How does crowding out affect the path of the economy? If the purpose of expansionary fiscal policy was to stimulate GDP and employment (i.e. a Keynesian stimulus for the short-term), the extent to which crowding out occurs will limit the stimulus. If say a $100 billion increase in government spending results in a $50 billion decrease in private investment spending, then the net increase to total expenditure is $50 billion instead of $100 billion. Crowding out reduces the effects of a fiscal stimulus.

However, the long run effects, emphasized by neoclassical economists, are more serious. Recall that economic growth is caused by investment in physical capital. If crowding out causes a reduction in private investment, it also leads to a reduction in economic growth over the long term. This is another reason why neoclassicals favor business tax cuts over government spending increases since business tax cuts tend to stimulate private investment.

Political Business Cycle

From: https://en.wikipedia.org/wiki/Business_cycle#Political_business_cycle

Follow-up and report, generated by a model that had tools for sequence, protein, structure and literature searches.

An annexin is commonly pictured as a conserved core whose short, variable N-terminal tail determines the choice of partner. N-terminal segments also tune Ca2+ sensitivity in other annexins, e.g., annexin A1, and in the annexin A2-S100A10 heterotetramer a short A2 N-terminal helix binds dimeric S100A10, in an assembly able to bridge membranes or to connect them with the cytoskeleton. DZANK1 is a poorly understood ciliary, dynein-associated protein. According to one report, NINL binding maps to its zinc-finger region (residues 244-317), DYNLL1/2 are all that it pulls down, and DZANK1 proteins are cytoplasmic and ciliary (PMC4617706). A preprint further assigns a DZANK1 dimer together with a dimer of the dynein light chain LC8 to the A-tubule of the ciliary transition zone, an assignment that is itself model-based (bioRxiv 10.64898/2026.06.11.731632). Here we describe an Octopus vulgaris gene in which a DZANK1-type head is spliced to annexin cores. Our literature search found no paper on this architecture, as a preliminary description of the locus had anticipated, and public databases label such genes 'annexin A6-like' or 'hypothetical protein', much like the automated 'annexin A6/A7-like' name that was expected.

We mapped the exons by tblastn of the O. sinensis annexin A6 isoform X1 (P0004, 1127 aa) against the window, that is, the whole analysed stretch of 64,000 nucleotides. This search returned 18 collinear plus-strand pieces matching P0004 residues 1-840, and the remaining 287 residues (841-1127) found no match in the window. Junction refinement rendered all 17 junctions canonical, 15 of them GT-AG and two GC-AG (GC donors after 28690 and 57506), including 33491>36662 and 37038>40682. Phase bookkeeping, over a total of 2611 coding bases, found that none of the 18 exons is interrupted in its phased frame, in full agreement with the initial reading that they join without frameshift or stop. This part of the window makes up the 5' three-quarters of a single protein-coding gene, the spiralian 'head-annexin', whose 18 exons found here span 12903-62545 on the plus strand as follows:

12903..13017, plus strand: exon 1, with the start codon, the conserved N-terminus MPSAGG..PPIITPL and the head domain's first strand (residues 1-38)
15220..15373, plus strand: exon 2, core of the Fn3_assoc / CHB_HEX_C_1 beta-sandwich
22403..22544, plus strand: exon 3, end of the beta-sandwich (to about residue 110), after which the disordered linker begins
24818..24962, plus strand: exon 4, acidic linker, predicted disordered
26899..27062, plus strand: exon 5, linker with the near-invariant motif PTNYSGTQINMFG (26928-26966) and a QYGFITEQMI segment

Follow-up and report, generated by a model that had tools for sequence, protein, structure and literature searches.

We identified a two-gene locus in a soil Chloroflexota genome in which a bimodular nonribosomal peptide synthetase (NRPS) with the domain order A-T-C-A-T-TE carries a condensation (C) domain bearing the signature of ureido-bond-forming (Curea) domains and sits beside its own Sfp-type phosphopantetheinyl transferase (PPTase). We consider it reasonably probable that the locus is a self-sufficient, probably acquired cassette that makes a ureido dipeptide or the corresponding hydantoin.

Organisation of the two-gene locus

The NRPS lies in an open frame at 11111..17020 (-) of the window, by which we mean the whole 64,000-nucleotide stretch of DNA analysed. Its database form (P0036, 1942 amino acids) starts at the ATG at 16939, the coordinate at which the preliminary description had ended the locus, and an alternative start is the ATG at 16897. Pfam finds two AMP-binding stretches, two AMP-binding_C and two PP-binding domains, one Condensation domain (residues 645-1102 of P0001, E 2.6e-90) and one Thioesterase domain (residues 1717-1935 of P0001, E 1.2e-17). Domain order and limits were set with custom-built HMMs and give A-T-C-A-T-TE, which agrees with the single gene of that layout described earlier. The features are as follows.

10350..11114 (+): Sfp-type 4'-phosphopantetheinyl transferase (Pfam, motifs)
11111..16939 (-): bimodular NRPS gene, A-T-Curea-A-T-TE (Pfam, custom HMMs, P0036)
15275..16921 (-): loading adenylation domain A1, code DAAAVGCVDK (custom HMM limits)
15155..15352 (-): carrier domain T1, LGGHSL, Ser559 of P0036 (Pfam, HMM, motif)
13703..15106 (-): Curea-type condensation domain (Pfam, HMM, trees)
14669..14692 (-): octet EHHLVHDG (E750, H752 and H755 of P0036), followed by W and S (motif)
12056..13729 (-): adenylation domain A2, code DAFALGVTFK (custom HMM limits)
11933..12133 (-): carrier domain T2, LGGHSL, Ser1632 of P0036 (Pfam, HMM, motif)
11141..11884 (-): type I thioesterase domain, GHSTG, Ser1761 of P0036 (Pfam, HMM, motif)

Another set of models tries to derive the business cycle from political decisions. The political business cycle theory is strongly linked to the name of Michał Kalecki who discussed “the reluctance of the ‘captains of industry’ to accept government intervention in the matter of employment”.[33] Persistent full employment would mean increasing workers’ bargaining power to raise wages and to avoid doing unpaid labor, potentially hurting profitability. However, he did not see this theory as applying under fascism, which would use direct force to destroy labor’s power.

In recent years, proponents of the “electoral business cycle” theory have argued that incumbent politicians encourage prosperity before elections in order to ensure re-election – and make the citizens pay for it with recessions afterwards.[34] The political business cycle is an alternative theory stating that when an administration of any hue is elected, it initially adopts a contractionary policy to reduce inflation and gain a reputation for economic competence. It then adopts an expansionary policy in the lead up to the next election, hoping to achieve simultaneously low inflation and unemployment on election day.[35]

The partisan business cycle suggests that cycles result from the successive elections of administrations with different policy regimes. Regime A adopts expansionary policies, resulting in growth and inflation, but is voted out of office when inflation becomes unacceptably high. The replacement, Regime B, adopts contractionary policies reducing inflation and growth, and the downwards swing of the cycle. It is voted out of office when unemployment is too high, being replaced by Party A.